The automatic code synthesis is really a feature for owners of a type, not to make retroactive conformances easier.

Retroactive conformance

Of course, you can always declare the conformance retroactively and provide a manual implementation, but that also means you’re responsible for maintaining it if new cases get added.

As a rule of thumb, think twice before adopting CaseIterable (and other system protocols) for types you don’t own, especially when it comes to types from Apple frameworks. Your code may break in one of two ways in the future:

  • when the original owner of the type adds the conformance themselves in a future release,
  • or when the original type changes in a way that breaks your conformance, e.g. when a new case gets added to the type. If you’re lucky, the breakage will manifest in a compile-time error on your side, but it’s entirely possible that it will break silently and you’ll have a hard time finding the bug.

Manual conformance

We’ve seen that the automatic synthesis only works for enums without associated values. This makes sense because adding associated values to an enum makes the number of possible values the enum can have potentially infinite.

Ignoring the utility of having access to an infinite sequence of a type’s possible values for a moment, an infinite list is not representable in the confines of CaseIterable anyway: the protocol requires allCases to return a Collection, and collections must be finite (although this could change in the future2).

But as long as the list of all possible values is finite, we can always implement the protocol manually for enums with associated values.

Example

Here’s an example with two enums, where one plain enum is used in the associated values of another:

enum Intensity: CaseIterable {
    case light
    case medium
    case hard
}

enum Workout {
    case resting
    case running(Intensity)
    case cycling(Intensity)
}

(I know “resting” isn’t a real workout type, but bear with me. I wanted an example where not all cases have the same associated value.)

The compiler can synthesize a CaseIterable conformance for Intensity but not for Workout. Let’s write one. We build an array of all possible Workout values by starting with .resting and applying each possible associated value to the other two cases:

extension Workout: CaseIterable {
    static var allCases: [Workout] {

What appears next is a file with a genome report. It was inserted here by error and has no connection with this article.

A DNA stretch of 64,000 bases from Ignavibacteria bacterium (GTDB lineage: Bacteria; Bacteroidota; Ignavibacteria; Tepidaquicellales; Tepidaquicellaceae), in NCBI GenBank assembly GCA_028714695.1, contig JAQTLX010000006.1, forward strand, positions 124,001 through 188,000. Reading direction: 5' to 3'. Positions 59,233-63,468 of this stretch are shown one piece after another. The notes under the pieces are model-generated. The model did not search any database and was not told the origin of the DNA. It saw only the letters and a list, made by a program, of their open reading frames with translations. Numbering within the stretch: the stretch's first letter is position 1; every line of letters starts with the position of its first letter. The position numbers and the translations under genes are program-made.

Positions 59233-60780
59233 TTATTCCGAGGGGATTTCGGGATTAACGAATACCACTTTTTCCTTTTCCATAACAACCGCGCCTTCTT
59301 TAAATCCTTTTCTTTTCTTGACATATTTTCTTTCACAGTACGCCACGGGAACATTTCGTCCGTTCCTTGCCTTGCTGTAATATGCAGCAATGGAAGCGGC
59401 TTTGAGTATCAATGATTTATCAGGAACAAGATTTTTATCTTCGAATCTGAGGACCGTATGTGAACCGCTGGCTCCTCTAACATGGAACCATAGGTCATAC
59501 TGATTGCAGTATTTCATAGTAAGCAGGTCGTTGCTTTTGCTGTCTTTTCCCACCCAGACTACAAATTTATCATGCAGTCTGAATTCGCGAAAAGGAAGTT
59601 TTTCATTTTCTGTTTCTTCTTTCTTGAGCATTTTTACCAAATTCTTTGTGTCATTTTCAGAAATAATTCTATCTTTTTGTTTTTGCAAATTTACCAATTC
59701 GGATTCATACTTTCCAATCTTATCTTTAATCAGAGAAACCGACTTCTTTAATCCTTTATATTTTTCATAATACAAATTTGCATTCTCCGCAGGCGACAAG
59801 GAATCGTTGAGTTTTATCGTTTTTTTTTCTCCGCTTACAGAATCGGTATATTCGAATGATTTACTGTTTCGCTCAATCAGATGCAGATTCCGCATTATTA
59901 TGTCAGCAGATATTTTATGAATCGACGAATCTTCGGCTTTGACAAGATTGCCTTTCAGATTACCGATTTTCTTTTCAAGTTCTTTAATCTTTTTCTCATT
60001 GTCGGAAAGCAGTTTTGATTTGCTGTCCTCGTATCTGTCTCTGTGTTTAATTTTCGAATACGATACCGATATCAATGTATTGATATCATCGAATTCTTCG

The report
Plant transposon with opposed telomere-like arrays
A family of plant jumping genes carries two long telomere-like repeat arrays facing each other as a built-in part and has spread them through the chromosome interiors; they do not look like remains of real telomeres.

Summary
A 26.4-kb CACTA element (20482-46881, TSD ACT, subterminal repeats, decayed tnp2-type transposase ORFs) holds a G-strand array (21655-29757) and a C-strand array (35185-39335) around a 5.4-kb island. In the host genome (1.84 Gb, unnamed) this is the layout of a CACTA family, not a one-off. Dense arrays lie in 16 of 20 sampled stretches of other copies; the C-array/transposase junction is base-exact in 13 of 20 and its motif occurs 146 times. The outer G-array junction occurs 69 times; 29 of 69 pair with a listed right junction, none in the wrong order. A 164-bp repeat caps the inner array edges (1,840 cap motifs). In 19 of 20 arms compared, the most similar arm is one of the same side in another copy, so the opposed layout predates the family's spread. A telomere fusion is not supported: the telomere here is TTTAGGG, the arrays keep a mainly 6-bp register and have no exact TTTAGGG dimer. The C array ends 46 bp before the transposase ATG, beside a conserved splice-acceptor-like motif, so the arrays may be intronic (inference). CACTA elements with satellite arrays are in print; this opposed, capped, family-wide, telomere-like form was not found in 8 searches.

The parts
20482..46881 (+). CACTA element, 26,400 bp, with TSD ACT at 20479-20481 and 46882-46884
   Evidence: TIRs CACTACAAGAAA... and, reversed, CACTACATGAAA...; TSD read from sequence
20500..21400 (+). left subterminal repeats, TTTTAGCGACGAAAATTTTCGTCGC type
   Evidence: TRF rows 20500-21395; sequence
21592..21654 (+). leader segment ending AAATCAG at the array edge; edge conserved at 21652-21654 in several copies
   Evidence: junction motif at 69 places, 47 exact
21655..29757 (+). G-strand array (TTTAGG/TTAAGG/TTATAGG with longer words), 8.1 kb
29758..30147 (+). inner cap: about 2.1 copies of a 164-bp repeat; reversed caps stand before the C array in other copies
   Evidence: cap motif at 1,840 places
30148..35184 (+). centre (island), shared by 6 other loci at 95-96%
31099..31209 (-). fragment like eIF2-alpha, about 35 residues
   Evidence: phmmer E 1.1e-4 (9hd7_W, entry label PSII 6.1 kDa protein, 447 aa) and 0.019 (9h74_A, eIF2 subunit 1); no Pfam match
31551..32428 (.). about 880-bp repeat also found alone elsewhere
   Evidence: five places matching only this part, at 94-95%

return [.resting]
            + Intensity.allCases.map(Workout.running)
            + Intensity.allCases.map(Workout.cycling)
    }
}

If you find the map invocations hard to parse, observe that a “naked” enum case without its associated values is equivalent to a constructor function for that particular case. In other words, the type of Workout.running is (Intensity) -> Workout, i.e. a function that produces a Workout value if you give it the desired Intensity. We pass these constructor functions to map and get arrays of Workout back.

This is the result:

Workout.allCases.count // → 7
Workout.allCases
// → [resting, running(light), running(medium), running(hard),
//    cycling(light), cycling (medium), cycling(hard)]

Manual maintenance required

The manual implementation is easy enough to write, but it has a major downside compared to compiler-generated code: we now have to remember to keep it up to date. If we later add another workout type to our enum, the compiler won’t alert us that our allCases implementation is no longer correct. It will just silently return the wrong result.

The only workaround I can think of is a little ugly, but it solves this problem in a really interesting way. Let’s add a local dummy function inside the allCases body. This function’s only purpose is to switch exhaustively over our enum so that the compiler will complain at this source location when we later add another workout type. We can mark the function as unavailable and give it a parameter of type Never to document we never intend to call it (since you can’t create a value of type Never, a function that takes a Never cannot be called).